Nutricare are leading innovators in the health and wellness sector. The company exists “to help people heal,” pioneering new eco-friendly healthcare products that are better for you and our planet.
They manufacture using responsibly sourced materials, without harmful chemicals, and using low waste processes. Demand and acclaim for their products have enabled this young company to spread their eco-friendly healthcare products across the globe.
When I first read Nutricare’s website, I was struck by the powerful message, “No one wants to hurt when they’re already hurting.” Pharma products result in precisely that for many people, and I was fascinated to chat with Nutricare’s founder, James Dutton, the man behind the eco-friendly healthcare company.
Discovering the Problem needing Solving
After leaving school, James earned his stripes early on in his building apprenticeship and managing sales for a large retailer, JB HIFI. He then joined the family business. Founded in 1911, The Dutton Group, one of Australia’s most established national prestige car retailers specializing in exotic and classic cars. James also established Dutton Motorsport alongside racing jet skis and then cars internationally.
He then launched his own company, Dutton International Holdings, specializing in publishing and selling luxury goods online. Business was thriving when the 2008 GFC hit. Suddenly, no one was buying luxury goods anymore, so he pivoted and, he started an asset finance business while building a finance app for the automotive marketplace. He sold the finance company in 2015, planning to have some family downtime before deciding what to do next.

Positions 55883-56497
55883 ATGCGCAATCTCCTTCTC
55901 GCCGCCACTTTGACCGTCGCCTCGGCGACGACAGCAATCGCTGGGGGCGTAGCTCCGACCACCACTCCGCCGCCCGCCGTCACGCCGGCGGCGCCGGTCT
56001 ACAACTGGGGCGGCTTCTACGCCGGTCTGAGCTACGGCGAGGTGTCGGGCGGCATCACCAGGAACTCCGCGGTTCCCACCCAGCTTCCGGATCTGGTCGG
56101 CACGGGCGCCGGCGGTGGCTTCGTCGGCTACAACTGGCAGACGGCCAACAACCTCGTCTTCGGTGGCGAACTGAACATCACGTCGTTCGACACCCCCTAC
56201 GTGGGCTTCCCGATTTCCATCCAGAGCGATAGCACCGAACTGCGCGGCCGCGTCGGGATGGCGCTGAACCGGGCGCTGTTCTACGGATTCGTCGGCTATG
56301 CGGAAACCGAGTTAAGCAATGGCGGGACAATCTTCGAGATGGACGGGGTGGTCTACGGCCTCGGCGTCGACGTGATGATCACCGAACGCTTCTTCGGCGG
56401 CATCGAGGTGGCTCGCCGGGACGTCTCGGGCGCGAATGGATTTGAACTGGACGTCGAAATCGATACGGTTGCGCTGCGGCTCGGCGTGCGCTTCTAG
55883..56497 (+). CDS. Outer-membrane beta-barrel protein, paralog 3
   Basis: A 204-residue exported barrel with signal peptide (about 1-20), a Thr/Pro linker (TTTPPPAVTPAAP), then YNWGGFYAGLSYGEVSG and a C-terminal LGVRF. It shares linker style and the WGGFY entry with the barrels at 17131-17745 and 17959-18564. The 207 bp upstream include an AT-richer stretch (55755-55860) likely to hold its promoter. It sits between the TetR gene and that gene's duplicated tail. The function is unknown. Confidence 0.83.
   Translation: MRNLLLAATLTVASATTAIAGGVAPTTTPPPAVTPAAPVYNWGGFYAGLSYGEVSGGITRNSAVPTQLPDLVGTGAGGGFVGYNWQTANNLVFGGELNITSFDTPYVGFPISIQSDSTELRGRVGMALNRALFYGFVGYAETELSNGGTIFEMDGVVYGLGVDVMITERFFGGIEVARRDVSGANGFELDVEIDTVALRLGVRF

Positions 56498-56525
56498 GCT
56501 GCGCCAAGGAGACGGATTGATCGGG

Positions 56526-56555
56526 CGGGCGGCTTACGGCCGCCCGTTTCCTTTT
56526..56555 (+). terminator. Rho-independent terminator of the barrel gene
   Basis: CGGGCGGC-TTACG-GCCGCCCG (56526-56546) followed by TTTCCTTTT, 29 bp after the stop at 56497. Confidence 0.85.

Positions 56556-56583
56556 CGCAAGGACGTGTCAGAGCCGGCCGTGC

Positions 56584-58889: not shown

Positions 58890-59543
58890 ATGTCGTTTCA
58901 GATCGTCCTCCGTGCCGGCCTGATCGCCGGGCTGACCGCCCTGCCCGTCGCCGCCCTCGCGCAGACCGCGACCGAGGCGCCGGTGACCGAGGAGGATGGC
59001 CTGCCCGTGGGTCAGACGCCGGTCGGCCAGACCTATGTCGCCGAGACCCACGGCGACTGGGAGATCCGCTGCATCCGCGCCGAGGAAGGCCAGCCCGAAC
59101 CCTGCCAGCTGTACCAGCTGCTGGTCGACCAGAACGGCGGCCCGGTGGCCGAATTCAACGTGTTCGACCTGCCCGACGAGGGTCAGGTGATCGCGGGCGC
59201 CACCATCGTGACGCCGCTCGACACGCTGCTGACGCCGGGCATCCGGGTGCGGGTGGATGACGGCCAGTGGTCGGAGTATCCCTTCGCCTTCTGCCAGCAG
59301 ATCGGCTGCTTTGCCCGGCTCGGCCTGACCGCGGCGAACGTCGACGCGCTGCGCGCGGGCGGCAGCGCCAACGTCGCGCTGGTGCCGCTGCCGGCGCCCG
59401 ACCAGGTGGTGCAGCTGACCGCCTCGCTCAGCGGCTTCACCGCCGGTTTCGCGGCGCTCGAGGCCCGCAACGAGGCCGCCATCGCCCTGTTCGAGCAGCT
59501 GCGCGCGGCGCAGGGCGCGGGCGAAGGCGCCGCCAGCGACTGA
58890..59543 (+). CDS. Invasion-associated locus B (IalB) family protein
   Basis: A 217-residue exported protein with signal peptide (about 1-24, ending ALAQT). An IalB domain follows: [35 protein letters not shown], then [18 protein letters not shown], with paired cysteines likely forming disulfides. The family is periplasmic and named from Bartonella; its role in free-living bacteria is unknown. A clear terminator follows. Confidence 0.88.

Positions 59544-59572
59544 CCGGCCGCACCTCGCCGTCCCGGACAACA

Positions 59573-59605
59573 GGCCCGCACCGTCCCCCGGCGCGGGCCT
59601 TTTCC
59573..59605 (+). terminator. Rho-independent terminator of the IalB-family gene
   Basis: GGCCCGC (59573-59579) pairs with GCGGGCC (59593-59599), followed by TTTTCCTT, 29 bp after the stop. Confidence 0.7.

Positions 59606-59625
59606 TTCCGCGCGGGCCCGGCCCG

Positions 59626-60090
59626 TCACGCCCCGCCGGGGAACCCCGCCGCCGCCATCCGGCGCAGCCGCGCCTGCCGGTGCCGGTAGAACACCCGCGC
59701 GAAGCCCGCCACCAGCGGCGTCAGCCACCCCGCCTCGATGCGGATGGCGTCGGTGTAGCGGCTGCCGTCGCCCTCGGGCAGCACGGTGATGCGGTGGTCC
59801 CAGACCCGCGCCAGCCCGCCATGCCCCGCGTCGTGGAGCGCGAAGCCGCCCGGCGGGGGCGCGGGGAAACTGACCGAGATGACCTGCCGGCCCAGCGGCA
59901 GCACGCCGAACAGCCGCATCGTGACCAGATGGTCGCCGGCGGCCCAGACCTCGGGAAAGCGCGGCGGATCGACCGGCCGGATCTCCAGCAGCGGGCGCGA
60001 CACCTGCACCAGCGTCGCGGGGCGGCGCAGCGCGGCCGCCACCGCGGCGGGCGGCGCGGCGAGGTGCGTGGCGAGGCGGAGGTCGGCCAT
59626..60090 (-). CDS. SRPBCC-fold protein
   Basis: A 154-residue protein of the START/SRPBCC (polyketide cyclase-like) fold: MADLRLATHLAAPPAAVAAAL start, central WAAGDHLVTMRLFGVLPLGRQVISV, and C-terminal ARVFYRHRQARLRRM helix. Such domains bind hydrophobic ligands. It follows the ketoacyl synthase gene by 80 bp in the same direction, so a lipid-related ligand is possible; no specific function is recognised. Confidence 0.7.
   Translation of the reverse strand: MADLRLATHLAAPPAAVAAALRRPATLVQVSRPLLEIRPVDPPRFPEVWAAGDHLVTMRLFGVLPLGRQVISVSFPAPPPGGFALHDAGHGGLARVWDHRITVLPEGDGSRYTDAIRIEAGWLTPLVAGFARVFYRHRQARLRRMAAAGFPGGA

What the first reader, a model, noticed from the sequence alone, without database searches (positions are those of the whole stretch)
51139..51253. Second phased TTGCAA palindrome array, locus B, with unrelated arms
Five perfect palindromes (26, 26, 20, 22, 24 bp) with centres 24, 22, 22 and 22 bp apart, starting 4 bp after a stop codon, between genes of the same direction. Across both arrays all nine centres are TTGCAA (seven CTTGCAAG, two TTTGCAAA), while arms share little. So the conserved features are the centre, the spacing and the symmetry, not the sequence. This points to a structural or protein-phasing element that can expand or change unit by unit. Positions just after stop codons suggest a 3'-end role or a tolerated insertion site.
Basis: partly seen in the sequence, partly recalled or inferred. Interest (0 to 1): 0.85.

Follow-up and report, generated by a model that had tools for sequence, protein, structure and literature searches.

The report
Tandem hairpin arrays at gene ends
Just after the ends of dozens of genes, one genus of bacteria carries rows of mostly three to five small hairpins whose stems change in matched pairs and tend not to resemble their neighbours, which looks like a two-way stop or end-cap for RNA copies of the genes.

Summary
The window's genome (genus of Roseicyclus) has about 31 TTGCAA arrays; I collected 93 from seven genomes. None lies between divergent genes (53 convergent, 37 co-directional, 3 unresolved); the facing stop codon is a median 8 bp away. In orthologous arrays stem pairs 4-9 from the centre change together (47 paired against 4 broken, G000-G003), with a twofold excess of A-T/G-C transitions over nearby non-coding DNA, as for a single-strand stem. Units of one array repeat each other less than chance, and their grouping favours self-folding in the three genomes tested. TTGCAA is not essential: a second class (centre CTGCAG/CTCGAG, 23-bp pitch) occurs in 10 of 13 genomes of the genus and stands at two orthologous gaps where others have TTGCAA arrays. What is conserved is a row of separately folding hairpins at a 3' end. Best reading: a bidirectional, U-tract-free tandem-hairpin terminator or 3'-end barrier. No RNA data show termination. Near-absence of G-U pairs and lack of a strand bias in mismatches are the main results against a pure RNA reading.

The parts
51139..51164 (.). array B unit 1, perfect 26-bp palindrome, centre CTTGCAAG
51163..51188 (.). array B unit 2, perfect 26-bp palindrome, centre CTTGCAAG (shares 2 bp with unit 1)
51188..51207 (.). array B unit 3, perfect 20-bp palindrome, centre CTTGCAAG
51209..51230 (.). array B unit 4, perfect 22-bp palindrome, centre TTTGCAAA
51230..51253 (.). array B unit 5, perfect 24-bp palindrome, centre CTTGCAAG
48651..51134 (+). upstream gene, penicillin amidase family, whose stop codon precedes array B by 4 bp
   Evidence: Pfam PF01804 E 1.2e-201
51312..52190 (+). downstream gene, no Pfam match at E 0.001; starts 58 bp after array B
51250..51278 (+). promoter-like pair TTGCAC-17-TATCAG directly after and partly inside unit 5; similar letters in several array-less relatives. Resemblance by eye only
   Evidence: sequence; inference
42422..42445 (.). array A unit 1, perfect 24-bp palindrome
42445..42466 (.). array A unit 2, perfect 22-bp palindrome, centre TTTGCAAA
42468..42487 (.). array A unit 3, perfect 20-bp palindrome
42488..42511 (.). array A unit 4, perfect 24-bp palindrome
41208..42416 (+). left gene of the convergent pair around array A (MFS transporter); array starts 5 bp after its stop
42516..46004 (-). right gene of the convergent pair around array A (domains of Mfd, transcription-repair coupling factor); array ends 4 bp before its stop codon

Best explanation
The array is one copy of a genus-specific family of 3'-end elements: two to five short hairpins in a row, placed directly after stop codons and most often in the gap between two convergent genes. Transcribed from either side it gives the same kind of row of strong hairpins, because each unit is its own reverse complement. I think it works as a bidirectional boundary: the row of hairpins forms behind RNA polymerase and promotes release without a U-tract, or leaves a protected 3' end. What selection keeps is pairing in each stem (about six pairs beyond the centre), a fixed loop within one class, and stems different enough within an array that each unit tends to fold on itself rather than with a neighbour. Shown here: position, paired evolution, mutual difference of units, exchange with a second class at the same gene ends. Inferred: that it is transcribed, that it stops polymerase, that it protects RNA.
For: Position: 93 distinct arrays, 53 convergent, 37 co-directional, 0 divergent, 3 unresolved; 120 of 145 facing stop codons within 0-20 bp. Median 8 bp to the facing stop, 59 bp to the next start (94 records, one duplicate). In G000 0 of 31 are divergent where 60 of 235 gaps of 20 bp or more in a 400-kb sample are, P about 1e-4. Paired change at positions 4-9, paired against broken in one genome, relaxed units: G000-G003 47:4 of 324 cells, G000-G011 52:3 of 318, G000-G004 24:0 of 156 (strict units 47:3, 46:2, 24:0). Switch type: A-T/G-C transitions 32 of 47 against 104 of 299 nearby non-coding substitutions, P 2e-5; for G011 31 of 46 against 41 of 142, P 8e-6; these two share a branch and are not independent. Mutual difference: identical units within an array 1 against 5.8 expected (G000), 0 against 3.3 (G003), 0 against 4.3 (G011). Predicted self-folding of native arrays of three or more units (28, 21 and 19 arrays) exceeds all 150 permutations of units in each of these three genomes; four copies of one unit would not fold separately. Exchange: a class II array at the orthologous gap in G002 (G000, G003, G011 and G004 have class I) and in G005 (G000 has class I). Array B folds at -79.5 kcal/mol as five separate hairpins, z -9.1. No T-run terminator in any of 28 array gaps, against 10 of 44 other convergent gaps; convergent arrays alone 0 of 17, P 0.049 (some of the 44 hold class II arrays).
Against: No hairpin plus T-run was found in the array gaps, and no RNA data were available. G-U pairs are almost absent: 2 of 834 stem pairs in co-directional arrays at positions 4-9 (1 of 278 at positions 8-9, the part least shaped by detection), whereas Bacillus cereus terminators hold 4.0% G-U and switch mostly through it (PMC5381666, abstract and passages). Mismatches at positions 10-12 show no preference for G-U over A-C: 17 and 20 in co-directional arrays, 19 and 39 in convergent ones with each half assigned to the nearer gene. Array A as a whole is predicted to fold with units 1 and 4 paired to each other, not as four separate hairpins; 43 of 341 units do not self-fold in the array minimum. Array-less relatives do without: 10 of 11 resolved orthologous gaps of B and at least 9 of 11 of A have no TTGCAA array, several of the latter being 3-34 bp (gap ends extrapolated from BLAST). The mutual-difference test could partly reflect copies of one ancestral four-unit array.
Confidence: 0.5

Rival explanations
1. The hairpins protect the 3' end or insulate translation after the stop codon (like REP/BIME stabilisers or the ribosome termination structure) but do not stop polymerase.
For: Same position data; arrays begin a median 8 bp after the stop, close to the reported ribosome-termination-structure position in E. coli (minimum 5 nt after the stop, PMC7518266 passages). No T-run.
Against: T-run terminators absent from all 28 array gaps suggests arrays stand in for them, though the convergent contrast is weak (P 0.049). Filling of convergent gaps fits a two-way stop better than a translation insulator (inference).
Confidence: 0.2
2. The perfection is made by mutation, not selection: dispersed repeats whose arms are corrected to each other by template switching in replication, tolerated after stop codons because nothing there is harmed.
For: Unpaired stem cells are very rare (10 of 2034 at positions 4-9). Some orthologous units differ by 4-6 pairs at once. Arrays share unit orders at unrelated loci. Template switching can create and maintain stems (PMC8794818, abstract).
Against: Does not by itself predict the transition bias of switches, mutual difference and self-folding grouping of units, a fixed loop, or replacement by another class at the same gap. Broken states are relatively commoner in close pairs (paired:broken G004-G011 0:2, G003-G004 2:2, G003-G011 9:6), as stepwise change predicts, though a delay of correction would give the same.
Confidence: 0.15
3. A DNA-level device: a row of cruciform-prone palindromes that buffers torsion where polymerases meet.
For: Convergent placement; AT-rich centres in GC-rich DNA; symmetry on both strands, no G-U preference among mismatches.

Two months into this, James’s son, Charlie, suffered a horrible reaction to a common wound dressing. The caused Charlie’s skin to blister and tear. James went looking for an alternative product to buy and was stunned to find one did not exist. When James later discovered that around a quarter of the global population has this reaction, it seemed even more incredible that no alternative existed.
James set out to find a better solution, despite knowing “absolutely zero” about healthcare.
Finding the Solution
James’s research quickly identified that it was the chemicals in traditional wound care causing the reactions. His wife owns JAK Organics, and their fully compostable baby wipes made from bamboo gave James an idea of where to start creating new dressings.
James experimented, mixing components on the kitchen bench at home. Everything he was using was natural and toxin-free, so he was able to try out his efforts on his sons, Charlie and Xavier, with no fear.
Having established a blueprint for the eco-friendly wound care category, James made an initial trip to China to solve the manufacturing side. Manufacturing in Australia was not an option as there are no suitable medical device manufacturing companies in Australia. In China, however, many suppliers are fully certified, completely legit. They are also western educated in terms of providing efficacy in the supply chain demonstrating zero plastics or toxins.
Even so, it took several more trips to find the perfect solution. The unbending criteria were that the ingredients be sustainably produced, natural, and met certification standards to ensure the baseline for what would become an entire range of eco-friendly healthcare products. The partner they eventually found has very green bamboo grown without pesticides.
The source and manufacture in China, so the only shipping that happens is intentional for delivery.
Patch – the 1st of their Eco-Friendly healthcare range